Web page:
Thesis Type: Doctorate
Institution Of The Thesis: Orta Doğu Teknik Üniversitesi, Faculty of Education, Mathematics and Science Education, Turkey
Approval Date: 2014
Student: DİLEK KARIŞAN
Supervisor: ÖZGÜL YILMAZ TÜZÜNAbstract:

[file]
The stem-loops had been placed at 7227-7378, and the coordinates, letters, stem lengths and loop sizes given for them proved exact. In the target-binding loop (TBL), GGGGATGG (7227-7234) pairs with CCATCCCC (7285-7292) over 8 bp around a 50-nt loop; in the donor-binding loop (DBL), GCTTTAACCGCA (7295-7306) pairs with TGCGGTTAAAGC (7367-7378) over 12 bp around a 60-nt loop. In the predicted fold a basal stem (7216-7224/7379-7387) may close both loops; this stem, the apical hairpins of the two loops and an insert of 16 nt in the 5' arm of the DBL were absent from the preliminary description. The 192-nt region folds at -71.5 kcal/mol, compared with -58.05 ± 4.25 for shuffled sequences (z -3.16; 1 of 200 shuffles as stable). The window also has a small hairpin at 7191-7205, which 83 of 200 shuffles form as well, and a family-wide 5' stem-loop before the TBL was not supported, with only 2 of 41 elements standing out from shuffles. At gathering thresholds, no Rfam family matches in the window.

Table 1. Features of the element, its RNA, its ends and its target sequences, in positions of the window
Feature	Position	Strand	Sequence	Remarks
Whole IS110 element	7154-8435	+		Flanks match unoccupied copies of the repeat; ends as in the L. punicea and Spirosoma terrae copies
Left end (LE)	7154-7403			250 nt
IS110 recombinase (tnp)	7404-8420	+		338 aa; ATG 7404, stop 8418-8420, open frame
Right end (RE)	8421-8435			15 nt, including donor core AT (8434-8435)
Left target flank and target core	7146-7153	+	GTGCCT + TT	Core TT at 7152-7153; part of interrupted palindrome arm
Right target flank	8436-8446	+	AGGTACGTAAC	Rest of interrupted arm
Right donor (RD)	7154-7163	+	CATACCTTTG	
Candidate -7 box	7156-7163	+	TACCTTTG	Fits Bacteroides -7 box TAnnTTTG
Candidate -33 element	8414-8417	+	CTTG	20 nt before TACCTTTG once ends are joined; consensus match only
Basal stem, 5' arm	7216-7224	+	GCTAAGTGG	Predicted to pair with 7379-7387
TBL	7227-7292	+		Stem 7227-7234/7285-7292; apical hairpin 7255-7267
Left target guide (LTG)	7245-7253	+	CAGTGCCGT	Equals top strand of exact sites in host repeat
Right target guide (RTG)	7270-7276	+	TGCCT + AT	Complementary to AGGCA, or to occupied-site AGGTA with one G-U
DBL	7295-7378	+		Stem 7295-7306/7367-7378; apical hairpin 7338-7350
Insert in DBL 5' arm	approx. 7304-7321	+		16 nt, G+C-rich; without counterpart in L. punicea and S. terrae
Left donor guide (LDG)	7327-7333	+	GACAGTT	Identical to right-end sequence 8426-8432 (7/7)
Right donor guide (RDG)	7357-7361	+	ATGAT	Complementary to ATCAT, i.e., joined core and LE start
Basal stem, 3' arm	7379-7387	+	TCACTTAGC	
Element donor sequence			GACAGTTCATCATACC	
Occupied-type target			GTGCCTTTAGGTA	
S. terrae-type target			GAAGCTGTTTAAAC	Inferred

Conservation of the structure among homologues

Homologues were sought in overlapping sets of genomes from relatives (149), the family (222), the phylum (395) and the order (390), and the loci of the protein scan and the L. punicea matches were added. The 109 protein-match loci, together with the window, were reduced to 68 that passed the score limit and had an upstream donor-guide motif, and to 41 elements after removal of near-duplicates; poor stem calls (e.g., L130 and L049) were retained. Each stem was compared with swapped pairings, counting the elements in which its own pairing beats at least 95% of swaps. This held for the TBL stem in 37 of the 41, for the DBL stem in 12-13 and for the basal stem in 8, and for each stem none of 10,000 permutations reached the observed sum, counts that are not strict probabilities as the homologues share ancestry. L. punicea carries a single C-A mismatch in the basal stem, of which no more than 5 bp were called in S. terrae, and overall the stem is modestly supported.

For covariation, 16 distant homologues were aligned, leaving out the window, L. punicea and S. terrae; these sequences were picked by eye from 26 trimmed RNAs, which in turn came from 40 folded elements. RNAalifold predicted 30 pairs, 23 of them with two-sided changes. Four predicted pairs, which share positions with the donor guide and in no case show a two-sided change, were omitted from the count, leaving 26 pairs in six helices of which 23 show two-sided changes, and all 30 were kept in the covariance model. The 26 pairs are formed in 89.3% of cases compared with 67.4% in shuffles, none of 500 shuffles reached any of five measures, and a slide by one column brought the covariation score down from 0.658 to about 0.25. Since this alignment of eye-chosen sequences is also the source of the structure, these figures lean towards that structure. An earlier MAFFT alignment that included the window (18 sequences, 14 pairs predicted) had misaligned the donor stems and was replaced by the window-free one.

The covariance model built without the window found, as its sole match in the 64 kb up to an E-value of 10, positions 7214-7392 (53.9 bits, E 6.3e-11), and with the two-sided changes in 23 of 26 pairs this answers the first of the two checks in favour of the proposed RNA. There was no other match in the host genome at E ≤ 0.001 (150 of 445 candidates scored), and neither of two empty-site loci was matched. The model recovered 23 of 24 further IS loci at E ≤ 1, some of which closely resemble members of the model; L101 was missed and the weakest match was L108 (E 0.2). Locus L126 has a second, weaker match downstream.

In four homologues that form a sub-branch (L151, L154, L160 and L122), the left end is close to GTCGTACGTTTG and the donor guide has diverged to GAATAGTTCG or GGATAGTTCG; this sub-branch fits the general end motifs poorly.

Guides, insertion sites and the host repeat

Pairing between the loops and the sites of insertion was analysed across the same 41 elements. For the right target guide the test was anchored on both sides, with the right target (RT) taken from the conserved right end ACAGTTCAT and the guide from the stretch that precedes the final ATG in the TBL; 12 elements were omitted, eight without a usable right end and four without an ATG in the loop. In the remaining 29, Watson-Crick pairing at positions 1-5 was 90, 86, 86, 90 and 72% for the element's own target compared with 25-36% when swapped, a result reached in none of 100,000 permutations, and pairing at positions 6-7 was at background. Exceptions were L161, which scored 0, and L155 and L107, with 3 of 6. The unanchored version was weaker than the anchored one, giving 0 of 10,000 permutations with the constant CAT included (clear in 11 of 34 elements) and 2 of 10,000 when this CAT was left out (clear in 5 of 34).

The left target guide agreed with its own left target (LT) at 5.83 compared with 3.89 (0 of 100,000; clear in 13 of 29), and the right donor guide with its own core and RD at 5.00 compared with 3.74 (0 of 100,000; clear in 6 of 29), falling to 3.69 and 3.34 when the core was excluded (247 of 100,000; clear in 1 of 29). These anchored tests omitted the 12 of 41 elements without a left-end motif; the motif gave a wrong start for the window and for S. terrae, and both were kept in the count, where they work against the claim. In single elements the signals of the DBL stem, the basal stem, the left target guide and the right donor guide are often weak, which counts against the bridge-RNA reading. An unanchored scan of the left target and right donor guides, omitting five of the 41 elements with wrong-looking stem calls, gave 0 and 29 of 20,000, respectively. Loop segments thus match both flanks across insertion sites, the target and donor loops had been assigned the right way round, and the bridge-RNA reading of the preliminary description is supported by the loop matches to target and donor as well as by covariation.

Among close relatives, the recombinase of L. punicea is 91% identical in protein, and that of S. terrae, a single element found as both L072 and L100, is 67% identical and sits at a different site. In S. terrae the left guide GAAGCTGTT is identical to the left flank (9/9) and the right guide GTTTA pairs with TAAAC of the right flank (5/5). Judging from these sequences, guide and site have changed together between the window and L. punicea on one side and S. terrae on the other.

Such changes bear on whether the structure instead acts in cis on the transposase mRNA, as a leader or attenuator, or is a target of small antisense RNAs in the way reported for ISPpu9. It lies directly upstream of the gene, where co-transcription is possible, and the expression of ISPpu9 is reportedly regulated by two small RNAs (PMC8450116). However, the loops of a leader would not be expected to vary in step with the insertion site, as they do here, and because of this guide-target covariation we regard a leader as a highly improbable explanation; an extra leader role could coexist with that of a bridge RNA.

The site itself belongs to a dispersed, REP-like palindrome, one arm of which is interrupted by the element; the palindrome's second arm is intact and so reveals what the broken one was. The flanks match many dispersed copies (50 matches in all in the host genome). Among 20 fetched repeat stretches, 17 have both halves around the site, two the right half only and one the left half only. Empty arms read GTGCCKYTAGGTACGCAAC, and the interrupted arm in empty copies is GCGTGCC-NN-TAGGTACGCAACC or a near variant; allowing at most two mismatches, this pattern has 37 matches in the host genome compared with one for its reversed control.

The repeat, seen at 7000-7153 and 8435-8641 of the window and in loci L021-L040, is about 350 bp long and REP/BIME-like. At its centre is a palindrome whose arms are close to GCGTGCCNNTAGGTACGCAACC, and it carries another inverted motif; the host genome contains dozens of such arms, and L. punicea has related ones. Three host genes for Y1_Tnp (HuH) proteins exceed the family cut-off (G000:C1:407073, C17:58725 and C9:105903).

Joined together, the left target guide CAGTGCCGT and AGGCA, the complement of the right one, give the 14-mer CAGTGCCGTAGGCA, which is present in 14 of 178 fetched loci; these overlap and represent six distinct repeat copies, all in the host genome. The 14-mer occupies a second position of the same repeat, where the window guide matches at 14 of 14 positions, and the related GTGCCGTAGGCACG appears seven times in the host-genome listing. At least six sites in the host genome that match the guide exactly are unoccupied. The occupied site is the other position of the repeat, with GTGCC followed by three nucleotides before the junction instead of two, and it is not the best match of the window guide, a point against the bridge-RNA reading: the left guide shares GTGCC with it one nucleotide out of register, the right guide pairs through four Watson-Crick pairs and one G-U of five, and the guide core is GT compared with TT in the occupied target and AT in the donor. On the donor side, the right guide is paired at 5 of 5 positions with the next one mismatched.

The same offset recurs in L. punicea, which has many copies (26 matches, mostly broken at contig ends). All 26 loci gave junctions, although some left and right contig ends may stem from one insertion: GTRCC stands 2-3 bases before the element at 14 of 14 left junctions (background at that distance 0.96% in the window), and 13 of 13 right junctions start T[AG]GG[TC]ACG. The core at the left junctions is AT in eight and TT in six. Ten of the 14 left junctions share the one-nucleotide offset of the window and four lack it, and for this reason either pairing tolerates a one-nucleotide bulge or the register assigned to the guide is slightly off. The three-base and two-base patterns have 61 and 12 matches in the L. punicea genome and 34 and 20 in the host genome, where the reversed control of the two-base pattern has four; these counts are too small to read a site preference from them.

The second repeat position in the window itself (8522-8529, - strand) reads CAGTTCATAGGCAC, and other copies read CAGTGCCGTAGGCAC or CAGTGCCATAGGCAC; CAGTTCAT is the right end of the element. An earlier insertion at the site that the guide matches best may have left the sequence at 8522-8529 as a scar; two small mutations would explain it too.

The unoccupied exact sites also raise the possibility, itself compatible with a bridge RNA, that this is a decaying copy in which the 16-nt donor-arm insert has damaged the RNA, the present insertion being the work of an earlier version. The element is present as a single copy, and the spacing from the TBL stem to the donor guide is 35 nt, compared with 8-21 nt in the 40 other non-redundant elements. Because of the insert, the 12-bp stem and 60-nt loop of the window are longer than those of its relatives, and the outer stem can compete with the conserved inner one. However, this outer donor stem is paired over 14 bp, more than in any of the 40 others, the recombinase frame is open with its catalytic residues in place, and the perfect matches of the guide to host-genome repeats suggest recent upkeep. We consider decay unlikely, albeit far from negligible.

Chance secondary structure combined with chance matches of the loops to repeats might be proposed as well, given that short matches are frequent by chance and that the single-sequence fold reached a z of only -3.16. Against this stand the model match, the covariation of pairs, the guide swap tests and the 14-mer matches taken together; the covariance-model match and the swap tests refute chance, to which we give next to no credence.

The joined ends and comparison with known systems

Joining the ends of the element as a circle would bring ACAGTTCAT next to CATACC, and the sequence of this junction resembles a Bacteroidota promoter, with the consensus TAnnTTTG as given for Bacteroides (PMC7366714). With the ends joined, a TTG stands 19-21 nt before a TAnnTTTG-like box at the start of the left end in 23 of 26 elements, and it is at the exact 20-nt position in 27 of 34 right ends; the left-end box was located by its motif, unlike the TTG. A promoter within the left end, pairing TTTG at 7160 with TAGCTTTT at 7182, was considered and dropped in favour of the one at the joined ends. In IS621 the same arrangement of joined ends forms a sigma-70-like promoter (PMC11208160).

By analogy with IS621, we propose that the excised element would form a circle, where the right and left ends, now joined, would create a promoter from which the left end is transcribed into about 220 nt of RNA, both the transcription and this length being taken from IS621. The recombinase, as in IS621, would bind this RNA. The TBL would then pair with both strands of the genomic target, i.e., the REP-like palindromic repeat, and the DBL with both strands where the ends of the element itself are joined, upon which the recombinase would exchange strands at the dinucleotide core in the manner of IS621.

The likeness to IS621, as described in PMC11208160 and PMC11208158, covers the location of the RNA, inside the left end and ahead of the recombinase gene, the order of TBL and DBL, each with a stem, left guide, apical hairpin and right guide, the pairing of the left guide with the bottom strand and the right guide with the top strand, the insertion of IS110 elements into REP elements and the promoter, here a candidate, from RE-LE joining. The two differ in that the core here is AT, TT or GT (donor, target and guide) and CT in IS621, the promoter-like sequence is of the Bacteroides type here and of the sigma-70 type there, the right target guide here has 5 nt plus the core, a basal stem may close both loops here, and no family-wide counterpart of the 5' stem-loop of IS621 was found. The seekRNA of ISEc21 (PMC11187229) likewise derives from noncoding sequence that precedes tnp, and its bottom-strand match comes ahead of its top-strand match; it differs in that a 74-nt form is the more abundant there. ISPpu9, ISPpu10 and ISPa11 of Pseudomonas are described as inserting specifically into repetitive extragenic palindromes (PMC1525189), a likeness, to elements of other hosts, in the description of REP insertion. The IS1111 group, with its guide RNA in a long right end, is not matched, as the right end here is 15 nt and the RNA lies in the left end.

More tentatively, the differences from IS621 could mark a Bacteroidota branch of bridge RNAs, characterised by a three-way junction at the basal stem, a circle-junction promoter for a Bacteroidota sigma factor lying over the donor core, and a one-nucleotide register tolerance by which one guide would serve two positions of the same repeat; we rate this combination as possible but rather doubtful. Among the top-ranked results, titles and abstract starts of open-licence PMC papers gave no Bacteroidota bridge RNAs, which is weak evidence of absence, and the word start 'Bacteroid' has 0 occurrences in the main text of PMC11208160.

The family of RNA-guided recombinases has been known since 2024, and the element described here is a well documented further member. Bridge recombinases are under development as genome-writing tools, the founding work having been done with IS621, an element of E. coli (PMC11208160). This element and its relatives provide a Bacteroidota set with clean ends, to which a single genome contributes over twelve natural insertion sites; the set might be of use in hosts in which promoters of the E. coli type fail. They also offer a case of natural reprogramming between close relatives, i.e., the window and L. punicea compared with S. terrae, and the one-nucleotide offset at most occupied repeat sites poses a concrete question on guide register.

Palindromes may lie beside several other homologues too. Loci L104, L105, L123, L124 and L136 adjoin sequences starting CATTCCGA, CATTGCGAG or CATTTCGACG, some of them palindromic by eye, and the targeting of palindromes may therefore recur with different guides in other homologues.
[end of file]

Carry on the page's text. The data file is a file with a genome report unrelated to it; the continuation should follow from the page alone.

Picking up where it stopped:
This study aimed to explore preservice teachers’ (PTs) reflective judgment skills and determine the argumentation pattern used during argumentation in socioscientific issues (SSI) based Inquiry Laboratory Course (ILC). The association between reflective judgment skills and argumentation pattern was also investigated in SSI-based ILC. The participants of the study were 20 PTs from the Department of Elementary Education at a large, research oriented public university in Turkey. Qualitative research method was used in this study. During SSI-based ILC five socioscientific issues (transportation issue, food additives, alternative energy sources, climate change, and the industrial revolution) were used. PTs’ laboratory manuals, interviews and classroom discussions were analyzed qualitatively. In addition to qualitative analysis, quantitative analysis by using chi square, fisher exact test on what correlations were presented to address hypothesized relationships between v reflective judgment stages and argumentation levels within five different socioscientific issues. Results of the study showed that PTs’ Reflective Judgment Model (RJM) scores tended to increase from the first experiment to last experiment. In that, the class average scores of RJM increased from first experiments to last experiments In addition to class average scores, number of reflective PTs also increased from three to nine. Being reflective on SSI, PTs’ also used different levels of argumentation. Their use of evidence to support conflicting ideas tended to increase as their use of incorrect or insufficient use of evidence decreased. Finally, the association between reflective judgment skills and argumentation pattern revealed that reflective PTs tend to have of highest level argumentation whereas prereflective PTs tend to have lowest level argumentation skills across different SSI.